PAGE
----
Home' Trinidad and Tobago Guardian : July 3rd 2014 Contents A53
Thursday, July 3, 2014 www.guardian.co.tt Guardian
A key player in the oil and gas industry focused on international operations and is one of
the largest on-shore producers in Trinidad is seeking two (2) qualified nationals and/or
residents to fill the position of:
MAJOR ROLES & RESPONSIBILITIES
Monitor, analyze and improve the current drilling and completion methods
Monitor and control cost, down time and other operational inefficiecies
Preparation of risk assessments and hazard analysis for optimizing the operations
Assist with the planning of workload, work scheduling and logistics management,
succession planning, equipment and material allocation
Assist with the preparation of the purchase requets and JAR approval
Support operations with KPI allocations, ISO and quality control, and monthly and
QUALIFICATIONS & EXPERIENCE
Typically 5 - 10 years of related industry experience with B.Sc. degree in Engineering,
with at least 5 years experience at a senior level
Excellent management, contractual and operation skills
Exceptional interpersonal and communication skills with the ability to handle multiple
Highly organized with strong analytical skills and attention to detail.
Copies of all supporting documents must be attached to the application and
submitted no later than July 9, 2014.
Human Resources Department
Touchstone Exploration (Trinidad) Ltd.
# 30 Forest Reserve Road
Trinidad West Indies
A copy of your application and resume should also be forwarded to:
Chief Manpower Officer
Ministry of Labour and Small and Micro Enterprise Development
Level 11, Riverside Plaza, Besson Street
Port of Spain
UNSUITABLE APPLICATIONS WILL NOT BE ACKNOWLEDGED
SAN JOSE LAS FLORES---Gilberto Ramos wanted
to leave his chilly mountain village for the United
States to earn money to treat his mother s epilep-
sy.His mother begged him not to go. "The better
treatment would have been if he stayed," Cipriana
Juarez Diaz said on Tuesday. When he wouldn t
relent, she draped him with a white rosary for safe
A month later, his decaying body was found in
the Texas desert. Now, the boy has become a symbol
for the perils faced by a record flood of unaccompanied
children from Central America who are crossing ille-
gally into the US.
Authorities said Monday that Gilberto was 11,
which would have made him one of the youngest
known children to die crossing the desert. But his
parents said Tuesday that Gilberto was 15.
The parents explained that they had taken several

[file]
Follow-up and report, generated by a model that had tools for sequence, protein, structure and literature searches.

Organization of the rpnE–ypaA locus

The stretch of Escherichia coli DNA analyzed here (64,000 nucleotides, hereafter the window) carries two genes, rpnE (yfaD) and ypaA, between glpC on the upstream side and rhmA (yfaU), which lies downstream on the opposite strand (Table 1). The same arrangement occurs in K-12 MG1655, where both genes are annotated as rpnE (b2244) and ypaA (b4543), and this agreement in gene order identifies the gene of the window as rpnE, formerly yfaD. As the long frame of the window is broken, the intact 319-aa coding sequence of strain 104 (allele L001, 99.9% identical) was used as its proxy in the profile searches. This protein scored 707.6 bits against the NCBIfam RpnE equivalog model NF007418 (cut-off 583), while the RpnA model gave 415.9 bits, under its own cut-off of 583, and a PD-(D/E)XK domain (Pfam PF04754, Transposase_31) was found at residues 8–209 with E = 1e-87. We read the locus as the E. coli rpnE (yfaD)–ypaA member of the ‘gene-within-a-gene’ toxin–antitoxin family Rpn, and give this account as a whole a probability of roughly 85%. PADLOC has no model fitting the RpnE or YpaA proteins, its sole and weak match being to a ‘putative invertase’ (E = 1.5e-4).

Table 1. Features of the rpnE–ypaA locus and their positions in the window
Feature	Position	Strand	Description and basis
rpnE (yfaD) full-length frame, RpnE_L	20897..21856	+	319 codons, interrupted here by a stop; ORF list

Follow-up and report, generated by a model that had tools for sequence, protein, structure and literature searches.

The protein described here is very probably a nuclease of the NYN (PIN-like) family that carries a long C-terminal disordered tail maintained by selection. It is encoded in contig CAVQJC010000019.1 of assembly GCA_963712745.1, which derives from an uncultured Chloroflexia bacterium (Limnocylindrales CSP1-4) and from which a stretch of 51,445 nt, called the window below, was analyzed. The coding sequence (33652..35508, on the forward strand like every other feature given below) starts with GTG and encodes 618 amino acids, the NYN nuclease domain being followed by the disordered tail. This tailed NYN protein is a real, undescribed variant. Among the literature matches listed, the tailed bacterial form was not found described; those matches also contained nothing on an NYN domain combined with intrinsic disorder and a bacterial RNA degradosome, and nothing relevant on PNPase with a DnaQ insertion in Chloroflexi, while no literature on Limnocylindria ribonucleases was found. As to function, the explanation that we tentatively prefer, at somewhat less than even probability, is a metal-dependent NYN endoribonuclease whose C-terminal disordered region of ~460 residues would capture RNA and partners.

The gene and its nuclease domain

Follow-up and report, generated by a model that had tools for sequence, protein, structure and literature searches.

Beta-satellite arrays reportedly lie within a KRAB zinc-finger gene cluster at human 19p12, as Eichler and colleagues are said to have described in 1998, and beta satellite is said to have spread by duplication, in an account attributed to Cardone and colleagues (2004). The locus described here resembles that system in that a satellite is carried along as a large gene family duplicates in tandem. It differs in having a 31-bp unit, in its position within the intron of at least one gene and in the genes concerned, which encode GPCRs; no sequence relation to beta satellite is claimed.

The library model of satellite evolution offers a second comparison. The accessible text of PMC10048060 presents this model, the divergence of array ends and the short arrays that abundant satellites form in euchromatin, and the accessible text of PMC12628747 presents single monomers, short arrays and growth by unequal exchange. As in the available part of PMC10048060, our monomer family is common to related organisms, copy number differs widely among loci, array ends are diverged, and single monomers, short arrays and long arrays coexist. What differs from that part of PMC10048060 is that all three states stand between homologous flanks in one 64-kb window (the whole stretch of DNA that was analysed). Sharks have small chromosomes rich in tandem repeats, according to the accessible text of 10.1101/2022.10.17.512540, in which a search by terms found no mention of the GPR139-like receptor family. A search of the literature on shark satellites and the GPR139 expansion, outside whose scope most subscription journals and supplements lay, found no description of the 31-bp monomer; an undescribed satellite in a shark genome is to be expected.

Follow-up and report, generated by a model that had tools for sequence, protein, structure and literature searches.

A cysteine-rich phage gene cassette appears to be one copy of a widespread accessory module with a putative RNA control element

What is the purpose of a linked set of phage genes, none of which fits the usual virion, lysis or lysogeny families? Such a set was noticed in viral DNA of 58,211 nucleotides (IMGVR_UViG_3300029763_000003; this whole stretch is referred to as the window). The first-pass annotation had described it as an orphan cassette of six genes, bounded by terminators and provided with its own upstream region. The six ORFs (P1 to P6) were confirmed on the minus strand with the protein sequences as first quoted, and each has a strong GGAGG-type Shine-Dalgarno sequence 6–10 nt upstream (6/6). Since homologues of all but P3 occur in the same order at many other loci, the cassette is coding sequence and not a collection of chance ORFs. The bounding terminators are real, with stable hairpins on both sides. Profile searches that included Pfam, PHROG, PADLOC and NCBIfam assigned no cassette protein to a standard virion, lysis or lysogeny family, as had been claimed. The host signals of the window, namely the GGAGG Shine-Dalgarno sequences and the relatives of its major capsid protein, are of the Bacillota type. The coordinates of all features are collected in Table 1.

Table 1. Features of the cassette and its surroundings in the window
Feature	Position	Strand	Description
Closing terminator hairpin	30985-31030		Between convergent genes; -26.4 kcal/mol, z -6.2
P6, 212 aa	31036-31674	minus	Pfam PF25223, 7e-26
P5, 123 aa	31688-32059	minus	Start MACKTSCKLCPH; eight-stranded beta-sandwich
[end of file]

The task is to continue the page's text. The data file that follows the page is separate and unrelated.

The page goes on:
years to register his birth because of the remoteness
of their village in Guatemala s northern mountains.
When they did, they had forgotten Gilberto s actual
birth date, so they listed the same date as his younger
The boy was shirtless, having likely suffered heat
stroke, but still wearing the rosary.
"He was a good son," Juarez said. "May God give
me the strength to endure."
Teenage boys seeking work have long been part
of the stream of young men heading north from
Central America to escape poverty and gang vio-
But the number of unaccompanied immigrant
children picked up along the US border has been
rising for three years.
Migrants tell of hearing that children travelling
alone and parents travelling with young kids would
be released by US authorities and allowed to continue
to their destination. Gilberto, too, had heard in
Guatemala that if he got in, he would be allowed to
stay, his family said.
He was born and grew up in San Jose Las Flores
in a modest wood and sheet-metal home in the
Cuchumatanes mountains of Huehuetenango province
along the Mexico border. At 6,600 feet above sea
level, the exuberant beauty of deep-green hills and
canyons, shrouded with clouds and floral bursts of
purple and yellow, is a stark contrast to the extreme
There is no running or potable water and only a
latrine in the family home. In the kitchen, there is
food, tortillas or wheat atole, an oatmeal-like drink,
but never enough.
The cluster of homes where Gilberto lived is acces-
sible only by foot, a difficult walk of nearly a mile
along a rocky and often muddy mile-long path
through the canyons. Gilberto took that path each
way to school, where he went as far as third grade
before dropping out.
"He had to work to help the family," said his teacher,
Francisco Hernandez, who remembered that Gilberto
loved to draw.
More than half of 50 schoolchildren attending now
raised their hands Tuesday when asked if they had
family in the U.S., shouting, "I have eight," seven,"
three!" While many migrating minors say they are
fleeing violence, the biggest threat in San Jose Las
Flores is poverty. There are both mining jobs and
drug traffickers in the border state, but neither touch
the remote village where Gilberto grew up.
"Here most of the people are farmers. They grow
beans, rice, potatoes," said Raul Cifuentes, president
of the town s development committee. "But they
don t have a way to import or export, so they stay
Gilberto and his father, Francisco Ramos, hired
themselves out to harvest and clean corn. Things
improved when the oldest son, Esbin Ramos, reached
Chicago and started working in a restaurant. He
sends $100 to $120 a month when he can afford it,
allowing the family to build a two-room home out
of cement block to replace their wooden shack and
paint it bright red and green. Gilberto slept on a
piece of foam on the floor.
Short, quiet and humble, he stayed close to home.
But he grew despairing and bored, Esbin Ramos said.
Meanwhile, their mother got sicker. The older brother
suggested Gilberto come to Chicago, where he could
return to school and work at night and on weekends.
Ramos Juarez, 11,
brother of Gilberto
body was found in
the Rio Grande
Valley of South
Texas, stands in
front of his home in
San Jose Las Flores,
in the northern
Guatemalan boy left for
better life, died alone
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